Razorback athletics enjoying across-the-board success

Wow, what a week to be an Arkansas fan.

The Razorbacks began football workouts on Tuesday to open Sam Pittman and his staff’s second season but first spring practice at the University of Arkansas.

The basketball Hogs jumped into the Associated Press Top 10 at No. 8, and are expected to be at least a No. 4 seed in the NCAA Tournament if not a No. 3 or possibly No. 2 if they can win this week’s SEC Tournament which opens tonight in Nashville.

Dave Van Horn’s Diamond Hogs are the consensus No. 1 team in land.

Mike Neighbors’ No. 15 women’s hoops squad is catching its breath to get ready for a hopefully deep March Madness run.

Arkansas plays host to the NCAA Men’s and Women’s Indoor Track Championships Thursday through Saturday at the Tyson Indoor Track Center with three dozen or so female and male competitors who will be proudly sporting Arkansas’ familiar cardinal and white with their sights honed on capturing even more hardware and honors for the program.

Most of the other spring sports squads are nationally ranked, too. Everywhere you look on campus there is a measure of athletic success.

It’s truly a great time to be a Razorback and Razorback sports fan, and Hunter Yurachek, Arkansas athletics director, and his team of administrators and coaches deserve at least a thank you and a pat on the back for the structure, support, and the opportunity for success their work has provided UA student-athletes in perhaps the most trying period major college athletics has ever faced with the ongoing Covid-19 pandemic.

A Familiar Tune

Arkansas basketball coach Eric Musselman sang a familiar tune to longtime Hog fans Tuesday in his Zoom interview session with the media.

The Razorbacks’ second-year head coach was a little bit upset that more of his Hogs didn’t receive All-SEC recognition. Moses Moody, of course, was named to the All-SEC first team and was named Freshman of the Year.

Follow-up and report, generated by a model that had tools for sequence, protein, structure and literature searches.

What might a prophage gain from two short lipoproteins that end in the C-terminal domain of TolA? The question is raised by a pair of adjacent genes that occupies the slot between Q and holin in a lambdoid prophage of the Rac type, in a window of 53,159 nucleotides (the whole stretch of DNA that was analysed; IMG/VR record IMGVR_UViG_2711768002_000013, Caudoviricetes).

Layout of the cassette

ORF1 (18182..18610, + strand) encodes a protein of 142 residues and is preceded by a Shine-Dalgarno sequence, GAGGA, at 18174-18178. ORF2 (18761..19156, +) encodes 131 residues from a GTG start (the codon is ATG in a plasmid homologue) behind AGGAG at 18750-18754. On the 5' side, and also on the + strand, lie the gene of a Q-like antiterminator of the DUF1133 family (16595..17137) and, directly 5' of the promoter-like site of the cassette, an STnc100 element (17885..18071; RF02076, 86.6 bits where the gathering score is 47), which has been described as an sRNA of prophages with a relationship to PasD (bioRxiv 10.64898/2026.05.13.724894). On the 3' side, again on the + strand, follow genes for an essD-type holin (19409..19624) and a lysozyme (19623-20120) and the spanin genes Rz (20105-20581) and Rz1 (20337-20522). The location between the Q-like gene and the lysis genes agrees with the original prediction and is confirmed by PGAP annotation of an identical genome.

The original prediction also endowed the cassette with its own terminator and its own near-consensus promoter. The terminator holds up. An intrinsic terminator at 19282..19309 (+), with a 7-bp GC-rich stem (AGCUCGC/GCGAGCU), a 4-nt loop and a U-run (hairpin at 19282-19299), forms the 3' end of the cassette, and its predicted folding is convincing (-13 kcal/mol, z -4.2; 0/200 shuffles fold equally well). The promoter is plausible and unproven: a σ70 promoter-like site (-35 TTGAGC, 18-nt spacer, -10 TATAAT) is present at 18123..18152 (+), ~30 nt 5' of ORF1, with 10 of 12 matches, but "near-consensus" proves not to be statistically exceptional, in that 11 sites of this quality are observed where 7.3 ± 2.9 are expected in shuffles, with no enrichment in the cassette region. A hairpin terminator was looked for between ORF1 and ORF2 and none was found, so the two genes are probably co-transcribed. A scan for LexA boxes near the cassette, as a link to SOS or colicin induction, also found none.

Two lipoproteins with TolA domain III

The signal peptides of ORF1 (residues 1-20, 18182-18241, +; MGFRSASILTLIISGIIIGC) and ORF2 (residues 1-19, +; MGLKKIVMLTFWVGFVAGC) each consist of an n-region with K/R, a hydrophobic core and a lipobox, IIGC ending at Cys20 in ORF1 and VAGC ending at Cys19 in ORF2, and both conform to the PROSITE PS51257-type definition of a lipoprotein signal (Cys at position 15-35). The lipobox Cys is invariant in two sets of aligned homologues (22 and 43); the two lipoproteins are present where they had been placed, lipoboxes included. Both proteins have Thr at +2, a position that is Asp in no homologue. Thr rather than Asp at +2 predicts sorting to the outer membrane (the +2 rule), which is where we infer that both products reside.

Fellow guard J.D. Notae, a junior transfer, picked up the league’s Sixth-Man Award, but no other Hog received an honor from the SEC coaches. Guys like grad-transfers Justin Smith and Jalen Tate went unnoticed. Musselman even touted Connor Vanover for his shot-blocking ability.

Where was the respect?

Shortly after that Zoom call, USA Today released its All-SEC Team and Smith was honored as a second-team selection, but that didn’t make Musselman’s disgust any less hollow.

But, yes, Musselman played a similar “no-respect card” Tuesday to the one that legendary Razorback basketball coach Nolan Richardson doubled down on in 1994 to fuel his and his Hogs’ fire through their run to the national title.

Some folks thought Richardson was a bit crazy when he said his Hogs got “no respect” in 1994. After all, the Razorbacks spent more time ranked No. 1 that season than any other team and despite losing their opening game to Kentucky in the SEC Tournament that season in Memphis, his Razorbacks still received the No. 1 Seed.

But Nolan was crazy like a fox in crafting that “no-respect” narrative for his team to buy into.

By throwing down the no-respect card, Richardson drew much of the media attention to himself, allowing his players to fly under the radar. Richardson took the pressure on himself so his Hogs could just play, albeit with a chip on their shoulder.

Richardson’s ploy worked like a charm as the Hogs rolled to the national title game against Duke.